I live in my parents’ Pakistani motherland. My one remaining parent and sibling live in America, and it confuses everyone here. There are plenty of articles out there about second-generation immigrant children making brief visits to their parents’ home countries.
However, for those of us who have made the decision to leave the U.S. and to live in our parents’ countries for an indefinite or short period of time, the narrative varies.
1. You keep hoping your accent is less noticeable and your English to Urdu translations make sense when you say them aloud
I do not hear my American accent, and sometimes I wish someone could play it back to me in a recording. But a small part of me burns when someone giggles at the way my Urdu sounds and then immediately acts like I do not know the language. I studied it and actually know how to read and write too, darn it! In addition, at times when I am not sure how to express myself or my American sarcasm, I try to translate it. Most of the time, I see a blank look on the native Urdu listener’s face. Other times it is met with laughter, and I tell myself that I just might be starting a new slang trend in the Urdu language! Maybe I need to try watching more Pakistani dramas so I can keep listening to Urdu.
Never mind, I think I’ll pass on that.
2. Everyone asks you if you feel “adjusted” to Pakistan
I risk sounding like a douche when I say that there are too many things I can never get used to here.
I will never get used to line jumping nor the gross amounts of open dumping and disregard for the environment. The churning in my stomach when my husband is not around me in certain settings that are dominated by men makes me feel like a weakling. Everything that reminds me to remember my place in Pakistan simply because I have a vagina makes me sick. In many other places in the world where I have traveled as a solo woman, I am ready to sing Destiny’s Child’s “Independent Women,” but I feel the difficulty magnified here too much to do so.
I try to ignore all of it for my own self-care and sanity, but that does not mean I accept it. And hey, I am driving now in this country by myself, so at least I can let Destiny’s Child blare through my speakers!
3. When people ask you how you deal with staring men in public, you realize there is no real answer
In the beginning, the staring irked me. I never understood what there was to stare at. When people told me that I had to cover this and that part of my body or spread out my dupatta (scarf) further across my chest, I would listen to them. I would keep on scanning my body to wonder if something was prominent. Was I too colorful? Was there some weird symbol tattooed on my forehead? Despite trying to fix it all, forehead included, I continued to feel uncomfortable. I decided to give in to my armchair sociologist analysis and conclude that the patriarchy and intense gender segregation gave way to “eye fu*****.”
If I ever wanted to feel mobile and independent in this country I had to ignore it and let go of any shame of simply being a woman.
4. Some South Asian Americans who have not visited the motherland in over ten years, try to tell you what “desi culture” is all about
Me in India: this country is beyond redemption
Me everywhere else: I have chutney in my veins, we discovered zero, I rode elephants to school, Ravi Shankar is my distant uncle. Chicken Tikka Masala for lyfe. https://t.co/dtqWBZg8Xe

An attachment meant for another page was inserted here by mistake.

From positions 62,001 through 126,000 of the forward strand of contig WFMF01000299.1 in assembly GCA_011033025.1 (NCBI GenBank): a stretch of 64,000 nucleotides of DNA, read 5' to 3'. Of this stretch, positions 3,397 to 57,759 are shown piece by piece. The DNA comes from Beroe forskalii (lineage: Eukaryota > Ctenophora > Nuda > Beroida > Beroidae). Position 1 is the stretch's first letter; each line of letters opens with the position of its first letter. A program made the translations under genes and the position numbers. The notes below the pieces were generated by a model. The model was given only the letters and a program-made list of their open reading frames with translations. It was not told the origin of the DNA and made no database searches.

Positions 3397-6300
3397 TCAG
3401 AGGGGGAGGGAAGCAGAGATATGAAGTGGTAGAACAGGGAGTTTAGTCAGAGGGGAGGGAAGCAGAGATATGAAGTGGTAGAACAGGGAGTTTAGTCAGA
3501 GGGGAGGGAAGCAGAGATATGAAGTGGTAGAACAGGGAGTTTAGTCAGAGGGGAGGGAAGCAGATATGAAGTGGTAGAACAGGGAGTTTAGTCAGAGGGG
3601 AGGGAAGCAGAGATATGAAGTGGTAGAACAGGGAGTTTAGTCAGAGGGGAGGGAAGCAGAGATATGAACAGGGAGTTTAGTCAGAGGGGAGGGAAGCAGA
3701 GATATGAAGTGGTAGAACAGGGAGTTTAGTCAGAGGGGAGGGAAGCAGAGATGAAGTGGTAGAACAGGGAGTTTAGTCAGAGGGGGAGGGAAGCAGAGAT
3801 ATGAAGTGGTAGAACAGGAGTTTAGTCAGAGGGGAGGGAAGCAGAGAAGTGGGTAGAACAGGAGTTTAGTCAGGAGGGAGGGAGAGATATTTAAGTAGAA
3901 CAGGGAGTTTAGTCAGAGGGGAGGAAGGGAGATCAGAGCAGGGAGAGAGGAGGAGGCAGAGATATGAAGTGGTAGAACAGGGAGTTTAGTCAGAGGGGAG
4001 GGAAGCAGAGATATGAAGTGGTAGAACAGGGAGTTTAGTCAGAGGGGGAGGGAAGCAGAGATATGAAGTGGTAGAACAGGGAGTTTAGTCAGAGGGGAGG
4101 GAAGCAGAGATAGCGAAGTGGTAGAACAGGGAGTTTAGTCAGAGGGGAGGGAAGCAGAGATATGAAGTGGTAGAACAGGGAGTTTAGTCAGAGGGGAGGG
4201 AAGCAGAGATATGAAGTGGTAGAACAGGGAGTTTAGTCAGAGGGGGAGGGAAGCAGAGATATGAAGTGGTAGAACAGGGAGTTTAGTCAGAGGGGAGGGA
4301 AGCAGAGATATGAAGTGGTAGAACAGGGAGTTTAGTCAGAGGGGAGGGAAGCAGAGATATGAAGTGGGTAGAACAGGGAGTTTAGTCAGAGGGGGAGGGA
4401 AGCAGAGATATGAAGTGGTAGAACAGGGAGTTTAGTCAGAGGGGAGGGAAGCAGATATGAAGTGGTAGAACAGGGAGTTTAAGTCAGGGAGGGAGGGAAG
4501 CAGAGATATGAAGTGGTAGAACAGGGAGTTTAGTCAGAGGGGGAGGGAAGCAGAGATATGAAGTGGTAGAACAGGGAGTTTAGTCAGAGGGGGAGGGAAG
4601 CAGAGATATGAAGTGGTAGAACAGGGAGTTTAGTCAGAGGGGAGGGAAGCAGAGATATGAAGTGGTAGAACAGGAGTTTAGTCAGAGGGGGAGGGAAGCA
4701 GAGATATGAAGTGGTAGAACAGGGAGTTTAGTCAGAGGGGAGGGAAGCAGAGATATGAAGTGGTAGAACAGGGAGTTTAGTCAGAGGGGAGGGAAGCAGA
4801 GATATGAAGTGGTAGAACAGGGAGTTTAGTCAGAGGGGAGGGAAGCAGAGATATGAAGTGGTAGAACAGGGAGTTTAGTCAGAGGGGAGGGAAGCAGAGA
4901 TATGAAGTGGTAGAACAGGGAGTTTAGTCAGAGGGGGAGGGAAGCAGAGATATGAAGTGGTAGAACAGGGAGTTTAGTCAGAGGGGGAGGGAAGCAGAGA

— FlyingSam (@Naa_Cheese) November 27, 2017
Aside from Pakistani dramas, Indian Bollywood movies, and some politics, few diaspora South Asians have any desire to live in the motherland. When I speak to people who have not visited in over ten years I am surprised by how frozen they are in the past with no context of what Pakistan (or even India) is like today. I can understand why most do not visit or give living here a try. But I do not understand how South Asian families back in my American home still expect their children to maintain this static culture. Living here has made me realize that I do not want to impose any of this cultural baggage on any kids I have.
The gaajar ka halwa (a sweet dish made of carrots) and beautiful Urdu poetry can stay though!
5. You stop feeling flattered when people tell you that your American accent will help you in basically everything.
I understand my privilege, but I do not like capitalizing on it. A weird sense of postcolonial discomfort began forming as I realized that the global dominance of English has an unfair advantage. Here is a prime example: I once sat through a group interview for a job with an internationally-funded donor. One of the candidates had to speak English when I knew he could better express himself in Urdu. This was a job in Pakistan and he was sitting with only Pakistani professionals that all understood Urdu. While my Urdu may be funny, I had no issues sitting through the interview in Urdu and understanding his points.
6. Even on days when negativity feels too easy in Pakistan, you are grateful for the character building.
While I ask myself what I am still doing in Pakistan, I remember all of the great friends I have made. While I thought it would be difficult to find my tribe of strong women, I developed it over time. I see positive shifts in this society regardless of how slow they may seem to others. I am proud of the thick skin I have developed to deal with situations that once seemed impossible, especially when I only visited.
Living in my parents’ home country has not been “going back to my roots” as one might imagine. It is living in a new place, but looking like the people around me, more than anything.
I see my American-ness much more prominently in Pakistan than when I am back home.